Compare-contrast How things are similar and how they are different
Draw a conclusion To make up your mind about an idea
Context clue Getting the meaning of a word from the words around it
Implied Suggested without being directly stated
Inference To guess or speculate to draw a conclusion
Main idea The primary subject of a passage or paragraph
Objectivity Not influenced by personal feelings or prejudice
Prior knowledge What you already know
Supporting details Specific items that elaborate on the main idea
10
Reviewing
  • Review to remember the main points of the
    material.
  • Test yourself on your comprehension.
  • Some ways to review
  • notes
  • study questions
  • flash cards
  • visual maps
  • outlines
  • Make reviewing every week a study goal.

11
Tips for Improving Reading Ability
  • Find a quiet study location.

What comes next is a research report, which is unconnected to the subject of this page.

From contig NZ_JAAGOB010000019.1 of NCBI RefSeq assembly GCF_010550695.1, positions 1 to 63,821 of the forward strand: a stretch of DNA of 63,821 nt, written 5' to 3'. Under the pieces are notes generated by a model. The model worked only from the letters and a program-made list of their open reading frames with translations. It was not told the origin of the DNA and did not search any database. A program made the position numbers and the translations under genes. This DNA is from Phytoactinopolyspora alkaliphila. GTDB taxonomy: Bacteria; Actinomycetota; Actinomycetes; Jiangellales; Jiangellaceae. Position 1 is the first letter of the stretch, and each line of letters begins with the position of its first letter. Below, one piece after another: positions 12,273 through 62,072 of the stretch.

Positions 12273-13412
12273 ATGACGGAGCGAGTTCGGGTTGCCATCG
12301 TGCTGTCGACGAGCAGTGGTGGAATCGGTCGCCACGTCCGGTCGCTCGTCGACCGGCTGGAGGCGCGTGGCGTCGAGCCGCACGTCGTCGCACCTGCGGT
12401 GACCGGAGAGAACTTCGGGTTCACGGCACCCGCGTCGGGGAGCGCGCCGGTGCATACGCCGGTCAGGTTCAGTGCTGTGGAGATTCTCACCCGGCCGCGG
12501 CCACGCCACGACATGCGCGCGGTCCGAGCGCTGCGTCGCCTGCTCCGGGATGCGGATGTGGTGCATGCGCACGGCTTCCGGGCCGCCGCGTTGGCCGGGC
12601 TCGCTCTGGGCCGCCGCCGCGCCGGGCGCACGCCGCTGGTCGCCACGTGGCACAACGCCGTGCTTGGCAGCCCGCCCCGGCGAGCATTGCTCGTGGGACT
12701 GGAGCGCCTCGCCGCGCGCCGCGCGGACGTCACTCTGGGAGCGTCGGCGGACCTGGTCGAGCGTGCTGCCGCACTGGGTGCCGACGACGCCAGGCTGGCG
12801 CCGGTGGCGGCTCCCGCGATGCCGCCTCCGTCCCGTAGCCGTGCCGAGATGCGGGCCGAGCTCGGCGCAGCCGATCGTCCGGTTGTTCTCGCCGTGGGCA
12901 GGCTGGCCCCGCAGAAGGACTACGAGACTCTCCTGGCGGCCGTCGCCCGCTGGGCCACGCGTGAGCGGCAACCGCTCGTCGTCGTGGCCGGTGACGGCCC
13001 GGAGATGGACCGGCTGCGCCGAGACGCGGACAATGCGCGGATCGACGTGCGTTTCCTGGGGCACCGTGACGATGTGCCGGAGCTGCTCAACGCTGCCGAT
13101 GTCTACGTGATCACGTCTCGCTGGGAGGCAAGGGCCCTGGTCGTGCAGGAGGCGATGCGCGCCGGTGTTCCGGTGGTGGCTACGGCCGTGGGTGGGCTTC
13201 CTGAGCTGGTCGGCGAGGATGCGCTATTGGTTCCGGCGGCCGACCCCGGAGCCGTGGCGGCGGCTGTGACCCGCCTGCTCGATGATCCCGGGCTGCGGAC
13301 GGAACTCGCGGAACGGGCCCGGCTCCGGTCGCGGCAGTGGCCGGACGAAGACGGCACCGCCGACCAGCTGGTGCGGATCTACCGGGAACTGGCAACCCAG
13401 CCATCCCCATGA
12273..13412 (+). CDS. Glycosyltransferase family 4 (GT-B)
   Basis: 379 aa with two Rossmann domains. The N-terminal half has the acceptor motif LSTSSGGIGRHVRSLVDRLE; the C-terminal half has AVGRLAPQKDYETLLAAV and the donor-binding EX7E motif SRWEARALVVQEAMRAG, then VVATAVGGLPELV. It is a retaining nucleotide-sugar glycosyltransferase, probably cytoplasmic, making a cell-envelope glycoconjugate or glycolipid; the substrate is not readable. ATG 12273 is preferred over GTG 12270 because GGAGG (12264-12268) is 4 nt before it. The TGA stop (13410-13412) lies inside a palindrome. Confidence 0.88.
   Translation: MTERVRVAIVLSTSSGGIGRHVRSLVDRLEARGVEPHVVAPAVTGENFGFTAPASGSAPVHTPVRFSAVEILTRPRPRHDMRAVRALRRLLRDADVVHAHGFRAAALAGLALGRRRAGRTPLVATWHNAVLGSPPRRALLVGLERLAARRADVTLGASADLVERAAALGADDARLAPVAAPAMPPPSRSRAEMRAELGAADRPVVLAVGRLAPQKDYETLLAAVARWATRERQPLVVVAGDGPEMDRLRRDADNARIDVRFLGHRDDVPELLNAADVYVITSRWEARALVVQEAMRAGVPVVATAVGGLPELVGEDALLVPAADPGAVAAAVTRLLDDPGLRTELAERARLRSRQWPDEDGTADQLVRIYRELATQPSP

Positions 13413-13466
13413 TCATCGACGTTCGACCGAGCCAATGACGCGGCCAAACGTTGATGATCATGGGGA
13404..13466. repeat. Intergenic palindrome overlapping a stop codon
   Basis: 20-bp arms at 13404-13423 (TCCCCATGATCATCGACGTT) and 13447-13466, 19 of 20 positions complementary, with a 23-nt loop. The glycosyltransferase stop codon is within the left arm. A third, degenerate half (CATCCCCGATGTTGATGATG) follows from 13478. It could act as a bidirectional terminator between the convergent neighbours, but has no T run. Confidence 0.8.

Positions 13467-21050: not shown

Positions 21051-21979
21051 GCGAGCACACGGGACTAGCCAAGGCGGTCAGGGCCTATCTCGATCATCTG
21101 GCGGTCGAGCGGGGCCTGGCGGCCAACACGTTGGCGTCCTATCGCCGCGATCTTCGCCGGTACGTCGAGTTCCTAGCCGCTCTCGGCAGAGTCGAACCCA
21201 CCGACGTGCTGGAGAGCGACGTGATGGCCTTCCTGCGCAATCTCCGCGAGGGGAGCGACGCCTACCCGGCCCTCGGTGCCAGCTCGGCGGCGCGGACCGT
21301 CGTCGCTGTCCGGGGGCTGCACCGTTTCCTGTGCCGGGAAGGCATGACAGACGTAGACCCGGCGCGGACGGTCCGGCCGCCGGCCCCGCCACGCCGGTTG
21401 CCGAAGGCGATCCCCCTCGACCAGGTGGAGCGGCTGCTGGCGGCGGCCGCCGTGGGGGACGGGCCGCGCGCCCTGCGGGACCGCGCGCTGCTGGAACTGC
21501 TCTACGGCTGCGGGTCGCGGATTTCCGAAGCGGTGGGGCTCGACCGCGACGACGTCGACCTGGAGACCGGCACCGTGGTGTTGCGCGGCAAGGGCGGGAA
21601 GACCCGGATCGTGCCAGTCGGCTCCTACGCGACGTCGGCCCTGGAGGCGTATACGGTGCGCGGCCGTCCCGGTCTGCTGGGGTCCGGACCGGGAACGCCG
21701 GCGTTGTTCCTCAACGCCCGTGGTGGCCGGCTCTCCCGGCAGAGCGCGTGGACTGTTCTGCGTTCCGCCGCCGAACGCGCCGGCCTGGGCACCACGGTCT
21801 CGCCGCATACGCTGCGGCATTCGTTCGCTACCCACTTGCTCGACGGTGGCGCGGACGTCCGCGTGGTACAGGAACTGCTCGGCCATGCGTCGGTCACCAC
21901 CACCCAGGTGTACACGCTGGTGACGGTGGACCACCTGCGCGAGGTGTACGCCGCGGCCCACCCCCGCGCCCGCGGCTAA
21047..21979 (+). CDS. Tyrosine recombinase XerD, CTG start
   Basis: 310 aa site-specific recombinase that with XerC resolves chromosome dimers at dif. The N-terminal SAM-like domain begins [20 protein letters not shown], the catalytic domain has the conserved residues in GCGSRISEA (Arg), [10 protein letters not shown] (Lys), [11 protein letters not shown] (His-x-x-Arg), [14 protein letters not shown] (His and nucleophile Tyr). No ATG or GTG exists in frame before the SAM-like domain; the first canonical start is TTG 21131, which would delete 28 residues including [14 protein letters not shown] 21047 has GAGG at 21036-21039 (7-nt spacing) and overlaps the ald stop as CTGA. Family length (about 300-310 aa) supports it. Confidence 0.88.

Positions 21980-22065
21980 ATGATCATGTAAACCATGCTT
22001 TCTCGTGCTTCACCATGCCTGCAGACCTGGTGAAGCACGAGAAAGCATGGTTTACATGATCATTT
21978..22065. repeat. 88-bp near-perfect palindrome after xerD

• Read in 25-minute blocks with 5 minute breaks in
    between.
  • Take notes, recite key ideas or jot down
    questions in the margins.
  • Focus on key issues in the text.
  • Experiment with your reading rate. Can you speed
    up?

12
Highlighting Text
  • Highlight
  • Topic sentences, Key words, Conclusions
  • But, watch out!
  • Highlighting too much can cause you to re-read
    everything because you dont know whats
    important.
  • Highlighting doesnt show you why you highlighted
    something
  • You need to have the entire text with you to
    review.

13
Important Points About College Reading
  • You are expected to read the material and
    understand it on your own.
  • Successful students complete assigned readings
    before class to help them understand the lecture.
  • Connections and overlaps between lecture and
    reading reinforce learning.
  • Instructors do NOT always cover the reading
    material in lecture.

14
One Minute Paper
  • What reading techniques can you use to enhance
    your studying success?
  • What resources can you use at Oakton for Reading
    help?
  • What questions do you still have?